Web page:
Two main methods have been used in the literature to assess muscle strength. Harrington et al. [12], Tate et al. [13] and Bak and Magnusson [47] used a hand held dynamometer (HHD) to assess a variety of isometric strength scores of their subjects. Additionally, Bak and Magnusson [47] along with Beach et al. [41] used isokinetic dynamometers to measure the concentric and eccentric isokinetic strength for shoulder internal and external rotation. These two techniques of measurement showed broadly similar general trends when associating internal and external shoulder rotation strength and shoulder problems (Table 2), and the two techniques have been shown to be comparable [51, 52]. However the HHD device seemed to be less sensitive to detecting shoulder problems from changes in shoulder strength compared to the isokinetic devices (compare effect size values in Table 2). All the studies using the HHD devices found little significant difference in strength measurements from those with and without shoulder problems [12, 13, 47]. Whilst the results from the two methods of measurement are broadly in agreement, due to the lack of a significant association with shoulder problems when using the HHD device we will use results from the more established isokinetic methods of strength measurement in this discussion.

Overall, increased isokinetic internal shoulder rotation strength (both concentric and eccentric) showed a much greater association with reduced shoulder problems (effect size = -0.92) than concentric and eccentric external shoulder rotation strength (effect size = 0.19; Table 2). This is consistent with the small association of increased internal shoulder rotation RoM with a reduction in shoulder problems discussed under the heading Shoulder Laxity and Range of Movement (Table 2), but internal rotation shoulder strength appears to have a much greater impact.

Agonist:antagonist muscle strength ratios are often used to identify weakness in particular muscles, give information on the muscular strength and power balance, and inform a strength and conditioning programme [47, 53, 54]. Bak and Magnusson [47] and Beach et al. [41] went on to calculate agonist:antagonist muscle strength ratios in swimmers. The conventional concentric isokinetic shoulder strength ratio (concentric external shoulder rotation strength: concentric internal shoulder rotation strength) showed a moderate association with shoulder problems (effect size = 0.43; Table 2). This was largely due to the differences in internal rotation strength, as there was little change in the external shoulder rotation strength values between groups with and without shoulder problems (Appendix 6). These concentric isokinetic strength ratios also appear to be less sensitive to shoulder problems than the simple internal shoulder rotation strength scores (mean effect size = -0.92; Table 2).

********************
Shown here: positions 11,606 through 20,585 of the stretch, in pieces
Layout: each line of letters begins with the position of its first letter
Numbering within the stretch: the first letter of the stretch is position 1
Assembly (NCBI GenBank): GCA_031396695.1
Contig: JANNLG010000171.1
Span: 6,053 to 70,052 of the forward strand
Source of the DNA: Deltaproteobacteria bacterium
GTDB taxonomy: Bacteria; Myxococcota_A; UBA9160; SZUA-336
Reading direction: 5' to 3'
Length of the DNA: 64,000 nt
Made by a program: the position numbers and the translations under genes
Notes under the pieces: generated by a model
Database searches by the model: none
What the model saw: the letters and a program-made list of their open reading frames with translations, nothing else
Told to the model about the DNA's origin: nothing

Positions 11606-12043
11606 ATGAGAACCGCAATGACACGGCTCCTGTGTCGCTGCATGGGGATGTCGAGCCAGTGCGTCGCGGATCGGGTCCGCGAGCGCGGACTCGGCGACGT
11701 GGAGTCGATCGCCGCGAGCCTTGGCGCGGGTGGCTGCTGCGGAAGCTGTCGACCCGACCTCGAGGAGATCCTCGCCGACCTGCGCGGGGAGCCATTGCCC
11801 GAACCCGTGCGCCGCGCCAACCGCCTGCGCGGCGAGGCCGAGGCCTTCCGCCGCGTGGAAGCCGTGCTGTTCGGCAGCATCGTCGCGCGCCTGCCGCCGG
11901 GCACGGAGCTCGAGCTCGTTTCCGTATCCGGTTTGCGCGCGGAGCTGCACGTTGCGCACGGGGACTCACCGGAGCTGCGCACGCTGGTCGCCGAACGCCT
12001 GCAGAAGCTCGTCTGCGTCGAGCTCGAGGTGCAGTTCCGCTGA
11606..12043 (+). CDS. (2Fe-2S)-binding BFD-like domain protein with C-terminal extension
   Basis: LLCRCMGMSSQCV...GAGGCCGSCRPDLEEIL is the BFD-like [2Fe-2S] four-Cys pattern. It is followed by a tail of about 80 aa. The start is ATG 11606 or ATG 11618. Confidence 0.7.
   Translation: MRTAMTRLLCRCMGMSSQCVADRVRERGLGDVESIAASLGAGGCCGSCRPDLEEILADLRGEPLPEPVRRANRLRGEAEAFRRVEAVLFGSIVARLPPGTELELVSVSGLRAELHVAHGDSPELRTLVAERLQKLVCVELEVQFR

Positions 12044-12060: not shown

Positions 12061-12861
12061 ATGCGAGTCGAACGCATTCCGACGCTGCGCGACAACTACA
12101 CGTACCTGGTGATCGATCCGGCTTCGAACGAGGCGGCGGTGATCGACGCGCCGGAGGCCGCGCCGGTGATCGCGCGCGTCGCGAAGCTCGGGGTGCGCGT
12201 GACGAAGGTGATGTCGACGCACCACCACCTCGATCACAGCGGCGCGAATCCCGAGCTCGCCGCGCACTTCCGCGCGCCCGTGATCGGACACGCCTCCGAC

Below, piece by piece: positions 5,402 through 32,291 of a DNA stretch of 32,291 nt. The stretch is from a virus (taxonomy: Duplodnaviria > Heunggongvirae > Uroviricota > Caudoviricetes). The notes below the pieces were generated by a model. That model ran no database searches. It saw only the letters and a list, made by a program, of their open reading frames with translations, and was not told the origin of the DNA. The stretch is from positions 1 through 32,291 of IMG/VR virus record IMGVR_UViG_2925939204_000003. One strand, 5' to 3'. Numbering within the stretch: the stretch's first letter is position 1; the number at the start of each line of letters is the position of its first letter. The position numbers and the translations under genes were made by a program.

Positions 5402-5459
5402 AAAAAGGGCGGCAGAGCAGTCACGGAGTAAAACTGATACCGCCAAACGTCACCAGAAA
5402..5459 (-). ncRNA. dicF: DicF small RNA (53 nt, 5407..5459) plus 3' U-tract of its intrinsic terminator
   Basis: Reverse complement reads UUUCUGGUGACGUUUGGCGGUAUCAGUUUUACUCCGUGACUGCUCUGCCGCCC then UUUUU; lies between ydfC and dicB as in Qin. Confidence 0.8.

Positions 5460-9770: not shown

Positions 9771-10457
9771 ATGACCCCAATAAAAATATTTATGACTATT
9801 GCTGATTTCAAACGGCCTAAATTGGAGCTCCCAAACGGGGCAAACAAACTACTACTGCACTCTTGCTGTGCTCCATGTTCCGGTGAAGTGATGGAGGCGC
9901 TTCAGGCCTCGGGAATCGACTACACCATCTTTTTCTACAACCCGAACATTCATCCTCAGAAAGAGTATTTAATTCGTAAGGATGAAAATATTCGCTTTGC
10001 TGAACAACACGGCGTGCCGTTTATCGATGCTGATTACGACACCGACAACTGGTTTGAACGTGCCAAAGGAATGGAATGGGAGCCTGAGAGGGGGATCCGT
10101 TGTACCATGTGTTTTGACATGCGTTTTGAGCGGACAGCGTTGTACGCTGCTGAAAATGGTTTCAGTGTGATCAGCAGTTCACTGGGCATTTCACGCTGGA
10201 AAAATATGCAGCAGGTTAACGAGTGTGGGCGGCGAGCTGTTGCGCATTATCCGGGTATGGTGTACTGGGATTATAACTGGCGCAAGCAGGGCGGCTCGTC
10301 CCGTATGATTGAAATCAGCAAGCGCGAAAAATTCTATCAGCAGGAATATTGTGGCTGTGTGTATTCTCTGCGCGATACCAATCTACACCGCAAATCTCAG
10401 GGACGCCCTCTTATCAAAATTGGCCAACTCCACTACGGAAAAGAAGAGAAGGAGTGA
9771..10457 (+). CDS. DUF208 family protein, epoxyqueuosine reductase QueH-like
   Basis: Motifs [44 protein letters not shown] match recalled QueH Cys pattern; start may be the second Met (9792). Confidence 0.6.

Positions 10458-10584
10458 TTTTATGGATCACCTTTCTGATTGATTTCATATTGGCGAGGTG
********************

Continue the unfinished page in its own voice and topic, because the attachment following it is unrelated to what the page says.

Swimmers tend to develop lower conventional isokinetic strength ratios (concentric external rotation: concentric internal rotation) largely due to strong concentric internal rotation strength. Whether this imbalance is associated with shoulder injury or is a normal adaptation to the performance demands of the sport is not clear. However, during ballistic overhead movement eccentric activity of the shoulder external rotators is used to decelerate the humerus and prevent impingement [47]. The functional isokinetic shoulder strength ratio (eccentric external shoulder rotator strength: concentric internal shoulder rotator strength) is then perhaps more closely aligned to the shoulder actions of overhead sports [47, 55, 56] and may be appropriate for analysing the swimmers’ shoulder. However, Bak and Magnusson [47] found a strong association between increased functional isokinetic shoulder strength ratio and an increase in shoulder problems in swimmers (effect size = 1.47; Table 2).